December 3rd On November 19, the Office of the Commander-in-Chief of the Australian Defence Force released the Brereton Report, which exposed the war crimes committed by the Australian Defence Force during the 2005-2016 Afghan War. Just as Afghans are suffering the secondary harm caused by the Brereton Report, and while Australian scholars call on society to pay attention to the reasons behind the tragedy, Australia diverts its attention from China. Foreign media pointed out that the current Sino-Australian dispute has made the world realize the truth of the Australian military’s war crimes in Afghanistan. China’s condemnation of the atrocities of Australian soldiers is very, very real.
The Guardian published an editorial by psychologist Nasreen Hanif from Afghanistan on December 2, pointing out that the two weeks since the release of the Brereton Report have been very difficult for Afghans. The so-called “war on terror” led by the United States has been interfering in Afghanistan for two decades. Among them, the Afghan people have experienced the most suffering. There is no doubt that the Brereton Report has exacerbated this suffering.
As a psychologist who has worked in the field of trauma for more than 15 years, Nasrene Hanif first thought of the unspeakable pain suffered by the Afghan people, farmers and children when reading the Brereton Report. She called the details of reading the report “horrible and unforgettable”. Naslyn Haniff stressed that the “Breton Report” tore the scars of Afghans, that the Australian government must face up to the harm it has caused to Afghanistan, break the cycle of meaningless extreme violence, and to end the endless suffering of Afghans.
In another article in the British Guardian, Samantha Crompvoets, an Australian military sociologist who led the writing of the “Breton Report”, warned against mistakenly regarding the crimes committed by Australian soldiers against Afghans as accidents, saying that Public opinion in Australia has been disappointed since the report was released.” Some people believe that collectives should not be punished for the behavior of a few people.” Samantha Krumpwarts asked: “I want to know how many people have actually read the report? If you had read the report, you wouldn’t have mistakenly thought that these war crimes were accidental acts.
Samantha Krumpwarts believes that the fact that the brutal killing of 39 Afghan civilians by Australian soldiers is unacceptable. The report blames the alleged war criminals, but exposes Australia’s deeper systemic problems that create the environment for the generation and cover-up of atrocities. Samantha Krumpwarts said: “If we just say, ‘Oh, it’s just those people who have done bad things’ and then turn a blind eye, how can we ensure that this will not happen again in the future?”
Alex Ward, an American international security writer, mentioned in the US media Vox that it was shocking that none of the 39 Afghan civilians killed were really killed in the battle. Although the incident caused a great response in Australia, it did not initially It attracts global attention.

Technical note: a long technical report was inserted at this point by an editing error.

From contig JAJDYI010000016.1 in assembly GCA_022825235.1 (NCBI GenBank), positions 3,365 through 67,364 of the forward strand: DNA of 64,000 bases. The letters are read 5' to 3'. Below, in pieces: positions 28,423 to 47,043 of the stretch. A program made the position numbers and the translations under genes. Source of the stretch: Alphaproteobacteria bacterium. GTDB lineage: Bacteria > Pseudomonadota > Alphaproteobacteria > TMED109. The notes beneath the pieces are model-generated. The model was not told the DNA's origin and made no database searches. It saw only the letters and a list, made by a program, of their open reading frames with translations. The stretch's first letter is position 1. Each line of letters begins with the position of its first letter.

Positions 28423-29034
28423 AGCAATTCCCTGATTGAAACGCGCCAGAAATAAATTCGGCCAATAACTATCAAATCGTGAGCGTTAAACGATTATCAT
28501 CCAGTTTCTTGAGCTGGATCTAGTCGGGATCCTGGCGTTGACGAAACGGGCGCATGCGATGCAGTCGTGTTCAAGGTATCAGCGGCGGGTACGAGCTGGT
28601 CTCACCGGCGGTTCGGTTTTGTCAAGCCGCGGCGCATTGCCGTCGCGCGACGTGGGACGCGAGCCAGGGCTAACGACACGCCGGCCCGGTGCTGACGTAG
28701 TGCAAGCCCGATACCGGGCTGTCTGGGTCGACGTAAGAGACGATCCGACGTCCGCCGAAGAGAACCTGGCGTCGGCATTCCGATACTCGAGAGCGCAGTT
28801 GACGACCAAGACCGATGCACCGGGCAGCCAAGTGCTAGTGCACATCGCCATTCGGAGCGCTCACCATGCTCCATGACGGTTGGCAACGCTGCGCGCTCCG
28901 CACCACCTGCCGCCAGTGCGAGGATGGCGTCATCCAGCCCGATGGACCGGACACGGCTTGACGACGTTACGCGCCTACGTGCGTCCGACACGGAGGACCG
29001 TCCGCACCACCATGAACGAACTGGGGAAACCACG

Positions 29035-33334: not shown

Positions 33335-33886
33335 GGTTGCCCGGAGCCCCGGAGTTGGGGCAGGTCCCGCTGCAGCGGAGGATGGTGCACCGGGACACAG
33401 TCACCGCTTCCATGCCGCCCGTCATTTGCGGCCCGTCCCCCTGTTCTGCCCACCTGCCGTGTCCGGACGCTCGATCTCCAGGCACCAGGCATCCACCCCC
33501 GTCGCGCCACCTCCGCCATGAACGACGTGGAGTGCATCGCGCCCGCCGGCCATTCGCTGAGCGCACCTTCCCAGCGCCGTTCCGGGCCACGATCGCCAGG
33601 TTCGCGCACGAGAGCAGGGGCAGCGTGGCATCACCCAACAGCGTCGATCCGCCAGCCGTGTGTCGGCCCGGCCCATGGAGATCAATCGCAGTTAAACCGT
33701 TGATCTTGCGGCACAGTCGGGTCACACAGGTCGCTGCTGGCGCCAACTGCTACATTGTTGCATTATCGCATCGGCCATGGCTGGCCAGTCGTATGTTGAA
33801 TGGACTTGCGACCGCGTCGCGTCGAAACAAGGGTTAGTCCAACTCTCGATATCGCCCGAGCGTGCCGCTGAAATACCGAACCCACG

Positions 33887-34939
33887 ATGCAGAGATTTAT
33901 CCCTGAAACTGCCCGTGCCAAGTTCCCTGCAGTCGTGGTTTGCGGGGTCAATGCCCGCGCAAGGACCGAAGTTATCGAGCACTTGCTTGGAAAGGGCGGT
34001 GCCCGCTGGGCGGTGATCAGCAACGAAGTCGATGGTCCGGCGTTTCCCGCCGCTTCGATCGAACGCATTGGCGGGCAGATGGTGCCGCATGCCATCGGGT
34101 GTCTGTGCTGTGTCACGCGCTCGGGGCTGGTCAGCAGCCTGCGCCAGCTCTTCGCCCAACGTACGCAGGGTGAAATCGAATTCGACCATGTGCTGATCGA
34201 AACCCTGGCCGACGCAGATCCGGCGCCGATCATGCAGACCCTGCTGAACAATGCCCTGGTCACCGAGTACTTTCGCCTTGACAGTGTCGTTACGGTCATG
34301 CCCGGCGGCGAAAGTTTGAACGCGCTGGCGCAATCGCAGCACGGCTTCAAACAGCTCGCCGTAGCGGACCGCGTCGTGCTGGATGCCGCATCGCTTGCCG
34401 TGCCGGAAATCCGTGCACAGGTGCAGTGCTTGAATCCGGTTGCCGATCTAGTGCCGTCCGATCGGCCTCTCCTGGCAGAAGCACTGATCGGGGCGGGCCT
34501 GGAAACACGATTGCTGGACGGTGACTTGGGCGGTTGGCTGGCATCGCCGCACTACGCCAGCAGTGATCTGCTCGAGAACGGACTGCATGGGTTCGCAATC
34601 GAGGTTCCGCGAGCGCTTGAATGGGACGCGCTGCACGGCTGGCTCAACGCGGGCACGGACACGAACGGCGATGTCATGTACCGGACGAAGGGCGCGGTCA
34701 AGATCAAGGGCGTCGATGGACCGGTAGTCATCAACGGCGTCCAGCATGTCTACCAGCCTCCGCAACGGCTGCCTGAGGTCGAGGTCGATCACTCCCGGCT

“It wasn’t until Chinese Foreign Ministry spokesman Zhao Lijian pushed Australian war crimes to international public opinion, forcing the Australian government to respond, that the story made the world headlines.” Alex Ward wrote: “Australian media believe that Sino-Australian relations are at a 50-year low point and there is no trend of easing. It is the current Sino-Australian dispute that has focused global attention on the truth that Australia does not want to face.”
“Let’s see what the war crimes report released by the Australian military really says?” Alex Ward said: “In this 465-page document, 25 Australian special forces soldiers were accused of brutally and illegally killing 39 Afghans by cutting their throats in 23 incidents, most of whom were from the Special Air Service Regiment and some of them were still in service to date.”
“The report said that reliable information showed that none of these acts were the stress response of soldiers in heavy fighting, and that all the people killed were non-combatants. Australian media also said that this is the most shameful scene in Australian military history, and there is a “bloody” culture in the Australian special forces serving in Afghanistan, which is creepy.
The Brereton Report also revealed some details. Australian commanders in Afghanistan will ask soldiers to shoot a prisoner to achieve the first killing of soldiers. These shootings are usually local civilians identified as “controlled personnel”. After that, Australian soldiers will place so-called “shot down weapons” on the bodies. “To cover up the fact of killings.” China’s condemnation of Australia’s atrocities is very, very real.” Alex Ward said.